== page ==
As generally described above, a machine having a DDR is generally tested for meeting certain criteria before the machine can become a candidate for remote client installation. Steps 1500–1508 represent the testing for that criteria by the DCM process, although as will be understood, the tests may be performed in a different order, and additional tests or a lesser amount of tests may be performed. Moreover, the tests need not be necessarily performed, e.g., some are for efficiency and are thus beneficial, but not required. In any event, step 1500 tests whether the machine name in the DDR is on a list of excluded machines (e.g., servers), which an administrator decides so that inappropriate machines (e.g., certain servers) are not made clients. The list of excluded servers is stored in the site server registry key HKEY—LOCAL—MACHINE\SMS\Components\SMS—Discovery—Data—Manager\Exclude Servers. If excluded, the process branches ahead to step 1514, wherein if logging is enabled, information about the attempt is logged at step 1516. If logging is not enabled, or after logging is performed at step 1516, the DDM process returns to the steps in
Step 1502 tests whether the resource architecture is set to “System,” (as opposed to IP Network, User or User Group). If so, the next test is performed, otherwise this DDR is not considered a candidate and as described above, the next DDR, if any, is selected (step 1408) after possibly logging the attempt (step 1516).
The next test at step 1504 evaluates the operating system for appropriateness, which in one preferred implementation requires that the operating system be Windows® 2000 or Windows® NT. Also, if the operating system is not known from the DDR, the attempt may be made may be made anyway to see if the machine can become a client, in which event the DDM process performs the next test on the DDR by branching ahead to step 1506. Otherwise, the test fails, and the DDM process branches to step 1514 as described above.
Step 1506 tests whether the SMS database 68 indicates that the client service 128 has already been installed on the computer system. If so, the DDM process rejects this DDR as a candidate for remote installation, by branching to step 1514 as described above. If not, another test is performed at step 1508 to determine whether remote client installation is enabled, i.e., in an SMS administrator console. If not, the DDR is further evaluated at step 1501 to determine whether the discovery agent that created the DDR was “Windows NT Server Discovery,” in which event the remote installation attempt should still be made for this machine. If the DDR evaluation for either remote install enable (step 1508) or the discovery agent (step 1510) is passed by the selected DDR, the DDM process continues to step 1512 where a CCR is created based on the currently selected DDR, and placed in the primary CCR queue (\\SMS\Inboxes\Ccr.box). The DDM process then returns to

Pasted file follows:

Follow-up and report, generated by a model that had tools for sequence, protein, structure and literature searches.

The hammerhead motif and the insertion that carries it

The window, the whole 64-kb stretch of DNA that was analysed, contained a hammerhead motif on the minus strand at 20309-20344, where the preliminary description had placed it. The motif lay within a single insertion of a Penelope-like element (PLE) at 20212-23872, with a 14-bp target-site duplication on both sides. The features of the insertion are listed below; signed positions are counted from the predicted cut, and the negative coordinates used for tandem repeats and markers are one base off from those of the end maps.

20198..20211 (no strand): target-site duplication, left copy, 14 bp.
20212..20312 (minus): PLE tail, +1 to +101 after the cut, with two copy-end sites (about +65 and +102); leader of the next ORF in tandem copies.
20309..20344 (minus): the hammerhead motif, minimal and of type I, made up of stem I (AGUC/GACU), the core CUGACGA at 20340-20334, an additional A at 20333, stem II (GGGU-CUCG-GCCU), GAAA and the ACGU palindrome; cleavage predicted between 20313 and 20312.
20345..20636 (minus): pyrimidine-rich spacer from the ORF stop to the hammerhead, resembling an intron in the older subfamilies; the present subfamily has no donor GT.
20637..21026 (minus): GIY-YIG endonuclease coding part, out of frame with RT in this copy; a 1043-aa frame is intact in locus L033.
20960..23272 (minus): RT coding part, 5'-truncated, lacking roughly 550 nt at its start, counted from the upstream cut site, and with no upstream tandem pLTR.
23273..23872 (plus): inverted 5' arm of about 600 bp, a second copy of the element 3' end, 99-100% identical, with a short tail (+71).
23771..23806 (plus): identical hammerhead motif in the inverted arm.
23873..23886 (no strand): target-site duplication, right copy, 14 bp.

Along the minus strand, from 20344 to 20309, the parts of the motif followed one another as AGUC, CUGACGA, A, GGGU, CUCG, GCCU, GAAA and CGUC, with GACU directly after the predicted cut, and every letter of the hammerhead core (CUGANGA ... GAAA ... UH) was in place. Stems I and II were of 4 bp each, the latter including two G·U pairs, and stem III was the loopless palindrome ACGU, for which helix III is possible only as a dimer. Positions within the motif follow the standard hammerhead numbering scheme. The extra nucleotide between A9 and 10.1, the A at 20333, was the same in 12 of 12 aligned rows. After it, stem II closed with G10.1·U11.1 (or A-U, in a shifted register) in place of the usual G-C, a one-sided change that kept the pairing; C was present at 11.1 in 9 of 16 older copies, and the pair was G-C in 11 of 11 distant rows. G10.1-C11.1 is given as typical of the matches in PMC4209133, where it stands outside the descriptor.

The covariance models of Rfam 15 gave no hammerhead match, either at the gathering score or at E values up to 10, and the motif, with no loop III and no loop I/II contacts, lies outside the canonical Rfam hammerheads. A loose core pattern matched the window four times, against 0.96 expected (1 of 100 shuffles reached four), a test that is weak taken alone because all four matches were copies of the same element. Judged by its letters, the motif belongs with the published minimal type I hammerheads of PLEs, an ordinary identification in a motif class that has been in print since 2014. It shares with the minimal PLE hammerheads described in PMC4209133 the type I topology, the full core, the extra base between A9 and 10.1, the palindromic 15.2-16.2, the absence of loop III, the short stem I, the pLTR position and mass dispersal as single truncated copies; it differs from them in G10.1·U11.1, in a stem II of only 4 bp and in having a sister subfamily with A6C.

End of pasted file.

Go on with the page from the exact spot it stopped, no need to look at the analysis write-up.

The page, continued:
Step 1602 tests whether the CCM process can connect to the client computer. If not, step 1602 branches to step 1604 where the CCR is evaluated against a retry threshold, e.g., in one implementation, the CCM will retry CCR processing for up to seven days, the retry threshold. If the threshold has not been exceeded, the CCR is placed into the retry queue 138 for a later attempt, which may be delayed for some time interval (e.g., such that the retry queue is processed once per hour) so as to not continuously retry this CCR. If the retry threshold has been exceeded, this CCR is essentially rejected, and the CCR can log the thresholding failure attempt if enabled to do so (steps 1612 and 1614). Note that a message may be sent to an administrator at any point wherein installation fails, such as when the CCM process cannot connect to the client computer. This message may be disabled for a period of time (e.g., the first twenty-four hours), to give remote installation several chances before notifying an administrator. Further, note that the various types of failures may have different messages sent and/or information logged therefor, and that the type of failure (e.g., no communication versus a security problem) may be a factor in setting the retry threshold, retry interval and/or the initial delay time before sending a message.